Saturday, June 5, 2010

Harry Potter and the Prisoner of Azkaban

Harry Potter and the Prisoner of Azkaban by J.K.Rowling

Am I the last person on earth who has NOT read all the Harry Potter stories? I think not. Which is why I chose to review it today.

This book is the third installment of the Harry Potter legacy. I did not read this book quietly to myself, instead I spent the last six months reading the story aloud to my children. Reading aloud is one of the most important gifts of time you can give your children. If you want your children to grow up and appreciate the love of stories and be life long readers, start reading aloud every night. You will not regret it.

My children love the Harry Potter series and all that goes with it, mystery, intrigue, fantasy, humor and friendship. I am also enjoying the series and the valuable time spent with my children. The books have become a big part of our culture. But I feel as though the books are way to predictable. I keep figuring out most of the mysteries before they are revealed.

The Prisoner of Azkaban does not disappoint the reader as it continues the adventures of Harry, Hermione, and Ron at their beloved wizard school, Hogwarts. My favorite character is Hermione and she takes a bolder role in this book as she grows into a strong young woman. I love how she stands up for what she believes in and protects her friends even though she may lose them with her honesty.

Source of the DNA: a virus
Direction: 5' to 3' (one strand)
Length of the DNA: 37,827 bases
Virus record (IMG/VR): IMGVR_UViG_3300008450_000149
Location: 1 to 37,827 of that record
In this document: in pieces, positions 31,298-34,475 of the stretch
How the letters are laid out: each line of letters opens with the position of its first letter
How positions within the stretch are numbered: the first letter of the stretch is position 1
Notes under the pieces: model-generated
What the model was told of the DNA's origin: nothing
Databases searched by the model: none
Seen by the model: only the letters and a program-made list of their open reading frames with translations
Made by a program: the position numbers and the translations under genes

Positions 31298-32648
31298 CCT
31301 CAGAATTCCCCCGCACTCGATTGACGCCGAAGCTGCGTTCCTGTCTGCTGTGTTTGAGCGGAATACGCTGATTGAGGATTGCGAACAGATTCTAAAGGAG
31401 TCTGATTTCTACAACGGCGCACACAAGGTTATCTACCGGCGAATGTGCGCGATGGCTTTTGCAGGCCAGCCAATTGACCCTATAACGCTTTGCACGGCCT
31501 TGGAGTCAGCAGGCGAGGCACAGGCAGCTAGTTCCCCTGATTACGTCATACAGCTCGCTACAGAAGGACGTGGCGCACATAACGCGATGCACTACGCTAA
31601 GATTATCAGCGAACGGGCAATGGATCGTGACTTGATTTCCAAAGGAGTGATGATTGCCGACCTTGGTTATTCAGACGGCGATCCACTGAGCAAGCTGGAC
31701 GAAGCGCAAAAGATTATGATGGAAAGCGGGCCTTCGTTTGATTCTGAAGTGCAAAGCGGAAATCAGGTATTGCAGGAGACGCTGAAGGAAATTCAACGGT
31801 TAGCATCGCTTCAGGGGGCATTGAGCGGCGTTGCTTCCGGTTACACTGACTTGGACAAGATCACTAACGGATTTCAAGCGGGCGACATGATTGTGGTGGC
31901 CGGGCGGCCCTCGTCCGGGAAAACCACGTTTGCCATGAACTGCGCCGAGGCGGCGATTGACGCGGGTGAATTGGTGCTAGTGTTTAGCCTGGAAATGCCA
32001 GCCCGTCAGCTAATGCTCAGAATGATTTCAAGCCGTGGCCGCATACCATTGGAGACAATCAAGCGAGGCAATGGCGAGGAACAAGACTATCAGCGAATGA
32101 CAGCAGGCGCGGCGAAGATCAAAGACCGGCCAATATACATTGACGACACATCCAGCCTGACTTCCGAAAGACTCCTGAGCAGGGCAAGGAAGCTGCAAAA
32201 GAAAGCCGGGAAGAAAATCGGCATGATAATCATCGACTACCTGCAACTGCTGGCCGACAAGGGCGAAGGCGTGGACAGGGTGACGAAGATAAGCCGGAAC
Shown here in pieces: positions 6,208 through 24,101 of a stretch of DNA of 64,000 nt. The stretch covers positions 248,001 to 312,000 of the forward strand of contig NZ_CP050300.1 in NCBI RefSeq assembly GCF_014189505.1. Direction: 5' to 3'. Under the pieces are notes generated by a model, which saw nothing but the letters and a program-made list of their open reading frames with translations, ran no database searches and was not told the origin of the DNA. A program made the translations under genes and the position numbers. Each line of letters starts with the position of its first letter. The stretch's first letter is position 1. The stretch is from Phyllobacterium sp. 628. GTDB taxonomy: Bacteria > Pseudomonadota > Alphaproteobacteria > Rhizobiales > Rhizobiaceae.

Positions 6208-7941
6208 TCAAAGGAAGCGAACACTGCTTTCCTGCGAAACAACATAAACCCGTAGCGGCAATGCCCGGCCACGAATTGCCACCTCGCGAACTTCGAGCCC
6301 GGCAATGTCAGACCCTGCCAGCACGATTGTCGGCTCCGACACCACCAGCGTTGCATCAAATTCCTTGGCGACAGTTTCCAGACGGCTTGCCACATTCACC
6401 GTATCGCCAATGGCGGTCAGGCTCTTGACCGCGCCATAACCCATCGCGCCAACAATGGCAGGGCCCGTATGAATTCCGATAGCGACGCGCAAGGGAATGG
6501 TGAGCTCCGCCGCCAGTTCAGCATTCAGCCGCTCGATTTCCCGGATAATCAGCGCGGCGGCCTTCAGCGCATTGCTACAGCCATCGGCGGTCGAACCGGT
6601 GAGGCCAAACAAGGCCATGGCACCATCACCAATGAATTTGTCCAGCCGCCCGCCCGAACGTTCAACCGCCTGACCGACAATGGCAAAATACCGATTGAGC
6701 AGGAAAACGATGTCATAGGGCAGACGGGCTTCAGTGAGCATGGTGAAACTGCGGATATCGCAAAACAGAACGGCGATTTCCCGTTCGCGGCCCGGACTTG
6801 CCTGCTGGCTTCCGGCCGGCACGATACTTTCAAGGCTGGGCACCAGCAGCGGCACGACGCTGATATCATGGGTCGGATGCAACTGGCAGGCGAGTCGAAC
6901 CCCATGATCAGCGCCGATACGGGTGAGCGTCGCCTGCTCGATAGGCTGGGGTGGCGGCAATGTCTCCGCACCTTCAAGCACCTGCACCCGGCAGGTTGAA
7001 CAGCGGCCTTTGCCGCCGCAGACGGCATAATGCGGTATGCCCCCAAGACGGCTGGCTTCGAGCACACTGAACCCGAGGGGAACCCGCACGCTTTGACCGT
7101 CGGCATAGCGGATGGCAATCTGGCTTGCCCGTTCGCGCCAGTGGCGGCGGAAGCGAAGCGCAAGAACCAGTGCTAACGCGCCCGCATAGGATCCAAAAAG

My children and I read the book first and then watch the movie. So they really want to finish all the books because most of their peers have seen the films already. I am excited to continue this reading adventure and move on to the next book, but I am intimidated by its size. Reading it aloud takes longer. We read about 15 minutes every night but that is only about 6-10 pages. As a read aloud, it is ok, I have read other books that flow better. It is always fun to create a voice for the characters.


  1. I didn't figure out the mysteries in these, but then again I read them fast and not over a long period of time. I'm sure that contributed. After the third book, they get a lot older, particularly starting in the second half of the fourth book. My oldest son is slowly going through them but he's gotten to the point where he must wait a few years before moving to the next in the series.

  2. I agree with you that the length of time it takes to read aloud the books contributes to figuring out the mysteries. Thanks for pointing that out. I have read lots and lots of books out loud to my kids and I don't have the same issue. My kids are 9 and 12. We are starting book #4 in September.